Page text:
obelixx


Latest posts by obelixx

Lavender pruning

Posted: 13/11/2013 at 22:59

A lot depends on what lavender you have.  Musntead and Hidcote are hardy and will survive anything the British winter can throw at them as lo,g as they are well drained and their roots don't get soggy and rot.  As mentioned, lavenders in pots may appreciate a layer or two of bubble wrap roun the pot to insulate their roots from cold but the main theing is to make sure the pots are up on feet or bricks to maintain good drianage.

Leave the flowers.  They'll be fine.  Prune the plants in spring cutting back to the base of the flower stems and a wee bit into the foliage but not as far back as borwn wood as this will not regenerate.   Next summer, prune back once flowering finishes and this will stop them becoming leggy and straggly.

Butternut Squash

Posted: 13/11/2013 at 11:34

Vegetable spaghetti squash is rather bland but it can be made tasty.  Pierce the skin with a skewer.   Boil or bake whole till tender.  Cut in half, remove seeds and shred the flesh with a fork then season with s&p and serve with herby, garlicky or spicy butter on its own or with a meat or veg accompaniment.

Pumpkins and squashes can be used in a wide variety of sweet and savoury dishes.  Loads of recipes on the BBC Food and BBC Good Food sites and here - http://www.chow.com/search?q=pumpkin#!q=pumpkin&o=rank&start=0&c%5B%5D=

 

Bird feeders

Posted: 12/11/2013 at 11:16

Mine slow down a bit in summer and eraly atumn when the farmers are harvesting and there are berries in the woods but since mid October they're getting through fat balls, mixed seeds and peanuts at an alarming rate.

Great to see so many around and they do provide lots of entertainment.

Overwintering Yourself...

Posted: 11/11/2013 at 17:03

There is not much rest for gardeners.  Winter is good for maintenance jobs such as building or repairing compost bins, fences, trellises....   Whenit isn't freezing, new shrubs and trees and hedges can be planted, especially bare root ones.   Then there's pot and seed tray cleaning, getting the lawnmower serviced, cleaning tools......   Sorting out seeds and ordering more ready for spring.......  Mature gardens have trees and shrubs that can be pruned in winter to control size and/or improve their shape and vigour on days when it isn't freezing.  New paths can also be laid when it isn't freezing.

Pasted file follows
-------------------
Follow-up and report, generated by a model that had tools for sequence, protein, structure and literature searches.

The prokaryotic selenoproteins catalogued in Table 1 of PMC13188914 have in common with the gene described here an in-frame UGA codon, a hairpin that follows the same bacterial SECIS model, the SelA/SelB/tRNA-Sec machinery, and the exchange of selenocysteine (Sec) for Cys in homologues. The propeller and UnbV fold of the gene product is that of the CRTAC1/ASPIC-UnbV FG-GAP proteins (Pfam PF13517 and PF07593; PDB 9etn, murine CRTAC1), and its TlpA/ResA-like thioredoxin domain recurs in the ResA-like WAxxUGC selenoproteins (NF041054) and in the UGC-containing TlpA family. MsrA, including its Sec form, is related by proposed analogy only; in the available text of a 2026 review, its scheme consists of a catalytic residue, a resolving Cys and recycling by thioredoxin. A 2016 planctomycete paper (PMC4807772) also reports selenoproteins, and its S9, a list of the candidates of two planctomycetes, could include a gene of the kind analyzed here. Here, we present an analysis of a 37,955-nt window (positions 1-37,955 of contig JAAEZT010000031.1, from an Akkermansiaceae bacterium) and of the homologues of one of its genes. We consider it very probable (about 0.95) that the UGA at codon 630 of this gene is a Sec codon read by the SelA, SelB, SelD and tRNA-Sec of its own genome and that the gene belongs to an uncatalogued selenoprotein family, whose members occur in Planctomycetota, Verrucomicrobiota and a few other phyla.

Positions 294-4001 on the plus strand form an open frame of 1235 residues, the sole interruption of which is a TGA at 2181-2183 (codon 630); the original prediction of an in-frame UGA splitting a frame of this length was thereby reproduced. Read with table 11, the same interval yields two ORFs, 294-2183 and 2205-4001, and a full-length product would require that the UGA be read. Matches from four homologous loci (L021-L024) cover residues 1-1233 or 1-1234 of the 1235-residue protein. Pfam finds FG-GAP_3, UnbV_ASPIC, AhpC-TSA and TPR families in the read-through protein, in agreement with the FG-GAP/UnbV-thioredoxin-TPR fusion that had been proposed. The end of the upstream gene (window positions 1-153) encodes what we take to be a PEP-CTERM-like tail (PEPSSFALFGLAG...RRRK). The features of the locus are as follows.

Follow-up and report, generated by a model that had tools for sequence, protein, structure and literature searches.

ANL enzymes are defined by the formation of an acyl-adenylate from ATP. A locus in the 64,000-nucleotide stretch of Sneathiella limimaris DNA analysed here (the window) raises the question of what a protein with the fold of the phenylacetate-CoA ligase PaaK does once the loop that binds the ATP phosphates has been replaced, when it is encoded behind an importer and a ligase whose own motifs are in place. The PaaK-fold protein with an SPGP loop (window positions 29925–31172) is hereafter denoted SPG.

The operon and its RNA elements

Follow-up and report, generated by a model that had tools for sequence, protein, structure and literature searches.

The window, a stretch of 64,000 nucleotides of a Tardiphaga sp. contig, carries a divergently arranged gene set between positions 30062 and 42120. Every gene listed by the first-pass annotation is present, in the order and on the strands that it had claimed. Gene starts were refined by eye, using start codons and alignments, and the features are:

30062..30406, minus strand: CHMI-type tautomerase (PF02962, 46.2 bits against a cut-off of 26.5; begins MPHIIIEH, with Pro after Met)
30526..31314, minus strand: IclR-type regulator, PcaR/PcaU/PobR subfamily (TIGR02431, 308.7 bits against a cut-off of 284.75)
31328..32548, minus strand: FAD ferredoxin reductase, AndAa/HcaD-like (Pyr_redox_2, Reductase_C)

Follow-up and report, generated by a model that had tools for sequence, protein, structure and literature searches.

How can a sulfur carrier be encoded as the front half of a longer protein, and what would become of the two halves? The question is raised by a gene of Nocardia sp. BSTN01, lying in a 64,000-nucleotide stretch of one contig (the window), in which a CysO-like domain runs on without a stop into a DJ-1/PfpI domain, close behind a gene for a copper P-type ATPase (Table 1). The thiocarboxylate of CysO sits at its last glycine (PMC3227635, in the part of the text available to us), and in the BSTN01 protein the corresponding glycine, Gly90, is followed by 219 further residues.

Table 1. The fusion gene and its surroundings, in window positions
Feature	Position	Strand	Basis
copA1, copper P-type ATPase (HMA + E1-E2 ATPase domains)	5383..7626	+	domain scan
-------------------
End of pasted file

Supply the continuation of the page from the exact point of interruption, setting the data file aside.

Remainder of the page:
Plenty to do really but when the weather is very unfriendly, I do domestic stuff like clearing out wardrobes or the attic, stripping and painting or oiling furniture and stuff I've found in flea markets and sewing for all three of us.

What would you treat yourself to?

Posted: 10/11/2013 at 22:53

Henry Moore liked to see his sculptures in landscapes grazed by sheep so you wouldn't neeed a lawnmower if you kept in the spirit.  

Pots going green!

Posted: 10/11/2013 at 12:45

It's a perfectly normal process of weathering.  If you don't like it you can scrub it off.  There are also products on sale in GCs and DIYs for removing algae from paths that can just as well be used on pots and garden ornaments.

Gardening programmes

Posted: 08/11/2013 at 09:16

This is the GW magazine forum site.  If you want to influence the Beeb or ITV you have to write to their programme controllers.

We used to get wonderful themed series such as Paradise Gardens or the Ornamental Kitchen Garden in days of yore with GH at the helm and then we had CB doing Hidden Gardens and AT's amazing How to Be a Gardener on in winter and CK's Gardening Year but the Beeb has lost the plot and the general calibre of stuff on ITV is pretty poor.

If everyone who reads these boards sent a letter and got their friends to do the same it may go some way towards persuading the Beeb to do more in winter to fill the gap.

plant labels

Posted: 07/11/2013 at 17:11

I get the 12" ones in a local DIY store but not for the garden.  OH uses them for Nearest the Pin competitions.

Help needed to plant and screen off 5 metre garage next door

Posted: 07/11/2013 at 16:21

Definitely an idea to have a word with the planning department about the height of that garage and tha lack of notification but, if it is illegal, they may get a demolition order so  beware starting a neighbours' war unless you really can't live with the garage.

You can raise the height of the fence by putting in some tall fence posts and then stringing wires between them rather than trellis.  If you place the wires at 30 to 40cms apart and tension them well they'll support all sorts of climbers.  A small cherry tree or a rowan would be good but would take time to get to 5m high.

Help needed to plant and screen off 5 metre garage next door

Posted: 07/11/2013 at 10:16

I'd go with trellis too.  6' panels held up by posts along the whol length.   You could leave it natural or stain it with something like Cuprinol and then cover with a mix of climbing plants such as roses and clematis or honeysuckle to get a full season of interest and plenty of perfume.  The choice will depend on the aspect and the soil.

You can hang brackets for bird feeders on each post and have hours of entertainment.

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